President’s Cancer Panel: Organic foods reduce environmental risks
Organic Trade Association (OTA) hails panel for empowering consumers with ways to reduce their cancer risk.
Greenfield, Mass. (May, 2010) The President’s Cancer Panel Report released today exhorts consumers to choose food grown without pesticides or chemical fertilizers, antibiotics, and growth hormones to help decrease their exposure to environmental chemicals that can increase their risk of contracting cancer. Organic products avoid the use of these chemicals.
“Exposure to pesticides can be decreased by choosing, to the extent possible, food grown without pesticides or chemical fertilizers…Similarly, exposure to antibiotics, growth hormones, and toxic run-off from livestock feed lots can be minimized by eating free-range meat raised without these medications,” according to the landmark report, “Reducing Environmental Cancer Risk: What We Can Do Now,” submitted to President Obama by Dr. LaSalle Leffall, Jr., an oncologist and professor of surgery at Howard University, and Dr. Margaret L. Kripke, an immunologist at the M.D. Anderson Cancer Center in Houston.
“Organic production and processing is the only system that uses certification and inspection to verify that these chemicals are not used on the farm all the way to our dinner tables,” said Christine Bushway, Executive Director of the Organic Trade Association (OTA).
Organic production is based on a system of farming without the use of toxic and persistent pesticides (herbicides, insecticides, and fungicides) and synthetic fertilizers. Organically produced foods also must be produced without the use of antibiotics, synthetic hormones, genetic engineering and other excluded practices, sewage sludge, or irradiation. Organic foods are minimally processed without artificial ingredients, preservatives, or irradiation to maintain the integrity of the food. In addition, animal confinement in feedlots is prohibited.
“Consumers should know that organic foods have the least chemicals applied in their production and the least residues in the final products. Thus, those seeking to minimize their exposure to these chemicals and follow the recommendations of the President’s Cancer Panel can look for the USDA Organic label wherever they shop,” said Bushway.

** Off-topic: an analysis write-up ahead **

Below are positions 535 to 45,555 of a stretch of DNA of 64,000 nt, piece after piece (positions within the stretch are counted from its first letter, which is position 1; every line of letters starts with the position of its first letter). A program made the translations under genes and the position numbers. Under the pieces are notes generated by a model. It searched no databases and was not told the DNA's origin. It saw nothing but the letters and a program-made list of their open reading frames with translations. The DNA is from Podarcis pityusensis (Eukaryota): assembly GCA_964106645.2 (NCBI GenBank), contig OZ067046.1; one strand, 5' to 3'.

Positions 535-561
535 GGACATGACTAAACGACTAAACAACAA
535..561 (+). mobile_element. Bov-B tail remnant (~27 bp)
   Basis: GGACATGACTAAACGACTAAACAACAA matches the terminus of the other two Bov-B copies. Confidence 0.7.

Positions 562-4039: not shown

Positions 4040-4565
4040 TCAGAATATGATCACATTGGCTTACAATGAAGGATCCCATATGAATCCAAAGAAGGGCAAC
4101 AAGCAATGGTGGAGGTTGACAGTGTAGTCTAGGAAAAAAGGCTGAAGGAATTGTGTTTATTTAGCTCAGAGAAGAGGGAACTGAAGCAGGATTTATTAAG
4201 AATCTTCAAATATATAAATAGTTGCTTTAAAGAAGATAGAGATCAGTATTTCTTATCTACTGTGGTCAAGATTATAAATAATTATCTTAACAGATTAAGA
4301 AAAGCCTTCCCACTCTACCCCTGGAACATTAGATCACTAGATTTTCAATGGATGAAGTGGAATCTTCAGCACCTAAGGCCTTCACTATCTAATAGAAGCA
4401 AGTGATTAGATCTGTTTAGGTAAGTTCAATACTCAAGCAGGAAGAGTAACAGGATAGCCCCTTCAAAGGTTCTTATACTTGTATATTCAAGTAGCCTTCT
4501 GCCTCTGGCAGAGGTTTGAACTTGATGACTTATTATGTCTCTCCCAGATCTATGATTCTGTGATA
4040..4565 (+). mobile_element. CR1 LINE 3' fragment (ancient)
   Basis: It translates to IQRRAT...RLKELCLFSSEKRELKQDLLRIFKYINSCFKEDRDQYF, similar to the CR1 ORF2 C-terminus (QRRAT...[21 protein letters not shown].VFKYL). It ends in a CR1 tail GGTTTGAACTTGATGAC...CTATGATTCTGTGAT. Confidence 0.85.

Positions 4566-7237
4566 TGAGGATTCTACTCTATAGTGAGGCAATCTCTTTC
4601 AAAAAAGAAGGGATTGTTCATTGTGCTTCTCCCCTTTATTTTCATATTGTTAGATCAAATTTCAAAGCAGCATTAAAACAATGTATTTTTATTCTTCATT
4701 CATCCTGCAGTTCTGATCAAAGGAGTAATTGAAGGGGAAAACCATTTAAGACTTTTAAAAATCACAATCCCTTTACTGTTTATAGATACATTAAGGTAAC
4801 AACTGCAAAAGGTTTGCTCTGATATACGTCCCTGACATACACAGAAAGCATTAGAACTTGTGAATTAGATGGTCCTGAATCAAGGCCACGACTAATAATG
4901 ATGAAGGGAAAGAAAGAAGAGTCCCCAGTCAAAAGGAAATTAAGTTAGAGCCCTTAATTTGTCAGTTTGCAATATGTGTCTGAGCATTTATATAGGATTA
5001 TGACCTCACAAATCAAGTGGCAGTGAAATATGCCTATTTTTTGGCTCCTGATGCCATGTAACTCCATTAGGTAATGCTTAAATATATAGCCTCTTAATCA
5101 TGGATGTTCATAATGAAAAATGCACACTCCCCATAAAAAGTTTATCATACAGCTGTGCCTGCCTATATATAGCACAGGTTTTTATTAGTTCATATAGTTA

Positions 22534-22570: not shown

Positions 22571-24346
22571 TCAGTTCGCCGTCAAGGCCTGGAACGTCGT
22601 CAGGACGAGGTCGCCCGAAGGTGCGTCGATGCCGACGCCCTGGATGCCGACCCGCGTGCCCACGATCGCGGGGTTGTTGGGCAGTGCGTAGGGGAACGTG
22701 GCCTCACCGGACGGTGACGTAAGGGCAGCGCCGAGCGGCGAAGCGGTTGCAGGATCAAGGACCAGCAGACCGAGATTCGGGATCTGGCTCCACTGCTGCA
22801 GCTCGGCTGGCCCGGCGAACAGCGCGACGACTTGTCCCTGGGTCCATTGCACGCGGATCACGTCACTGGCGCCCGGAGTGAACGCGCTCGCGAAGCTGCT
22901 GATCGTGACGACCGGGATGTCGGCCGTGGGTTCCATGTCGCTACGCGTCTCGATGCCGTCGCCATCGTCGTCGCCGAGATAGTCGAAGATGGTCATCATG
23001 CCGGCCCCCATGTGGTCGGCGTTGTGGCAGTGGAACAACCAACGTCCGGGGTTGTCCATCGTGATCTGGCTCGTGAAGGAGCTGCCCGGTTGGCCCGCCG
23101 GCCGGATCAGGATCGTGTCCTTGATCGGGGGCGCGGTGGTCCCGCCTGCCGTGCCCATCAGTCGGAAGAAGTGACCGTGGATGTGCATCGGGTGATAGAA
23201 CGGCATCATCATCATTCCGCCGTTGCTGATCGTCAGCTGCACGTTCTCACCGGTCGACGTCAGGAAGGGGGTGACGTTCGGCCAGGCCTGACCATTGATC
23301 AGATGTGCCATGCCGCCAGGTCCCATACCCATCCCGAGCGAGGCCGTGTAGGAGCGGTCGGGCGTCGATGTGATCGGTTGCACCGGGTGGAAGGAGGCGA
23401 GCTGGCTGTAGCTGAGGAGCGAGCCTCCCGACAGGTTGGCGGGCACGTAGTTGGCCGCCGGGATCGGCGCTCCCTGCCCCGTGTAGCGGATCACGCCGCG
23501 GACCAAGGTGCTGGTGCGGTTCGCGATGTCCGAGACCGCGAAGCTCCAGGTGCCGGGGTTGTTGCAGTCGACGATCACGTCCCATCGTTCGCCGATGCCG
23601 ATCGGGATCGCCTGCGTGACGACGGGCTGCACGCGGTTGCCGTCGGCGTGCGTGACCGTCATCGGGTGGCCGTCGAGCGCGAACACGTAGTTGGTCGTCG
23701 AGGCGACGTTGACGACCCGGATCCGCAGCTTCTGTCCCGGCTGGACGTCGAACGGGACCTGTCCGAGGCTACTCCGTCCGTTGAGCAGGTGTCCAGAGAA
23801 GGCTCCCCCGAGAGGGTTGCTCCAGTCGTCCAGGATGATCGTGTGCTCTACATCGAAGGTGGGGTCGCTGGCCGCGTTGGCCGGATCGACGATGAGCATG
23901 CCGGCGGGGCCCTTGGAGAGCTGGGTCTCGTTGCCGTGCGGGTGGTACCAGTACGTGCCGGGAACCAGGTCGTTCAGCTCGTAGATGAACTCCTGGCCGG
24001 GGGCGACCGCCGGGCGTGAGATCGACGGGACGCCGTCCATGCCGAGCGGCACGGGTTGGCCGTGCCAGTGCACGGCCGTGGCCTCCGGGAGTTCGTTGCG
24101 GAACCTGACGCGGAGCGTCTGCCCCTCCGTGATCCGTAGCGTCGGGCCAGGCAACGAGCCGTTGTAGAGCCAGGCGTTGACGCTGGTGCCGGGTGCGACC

“The American people—even before they are born—are bombarded continually with myriad combinations of these dangerous exposures,” the panel wrote in a letter to President Obama. It added. “The Panel urges you most strongly to use the power of your office to remove the carcinogens and other toxins from our food, water, and air that needlessly increase health care costs, cripple our Nation’s productivity, and devastate American lives.”
It added, “Many known or suspected carcinogens first identified through studies of industrial and agricultural occupational exposures have since found their way into soil, air, water and numerous consumer products…Some of these chemicals have been found in maternal blood, placental tissue, and breast milk samples from pregnant women and mothers who recently gave birth. Thus, chemical contaminants are being passed on to the next generation, both prenatally and during breastfeeding.”
“OTA is gratified to see a prestigious scientific panel recognize what the organic farmers and the organic community have realized about environmental health and organic agriculture for decades, and we applaud them for taking on this critical issue,” Bushway added.
The Organic Trade Association (OTA) is the membership-based business association for organic agriculture and products in North America. Its members include growers, shippers, processors, certifiers, farmers' associations, distributors, importers, exporters, consultants, retailers and others. OTA’s Board of Directors is democratically elected by its members. OTA's mission is to promote and protect the growth of organic trade to benefit the environment, farmers, the public and the economy (www.ota.com).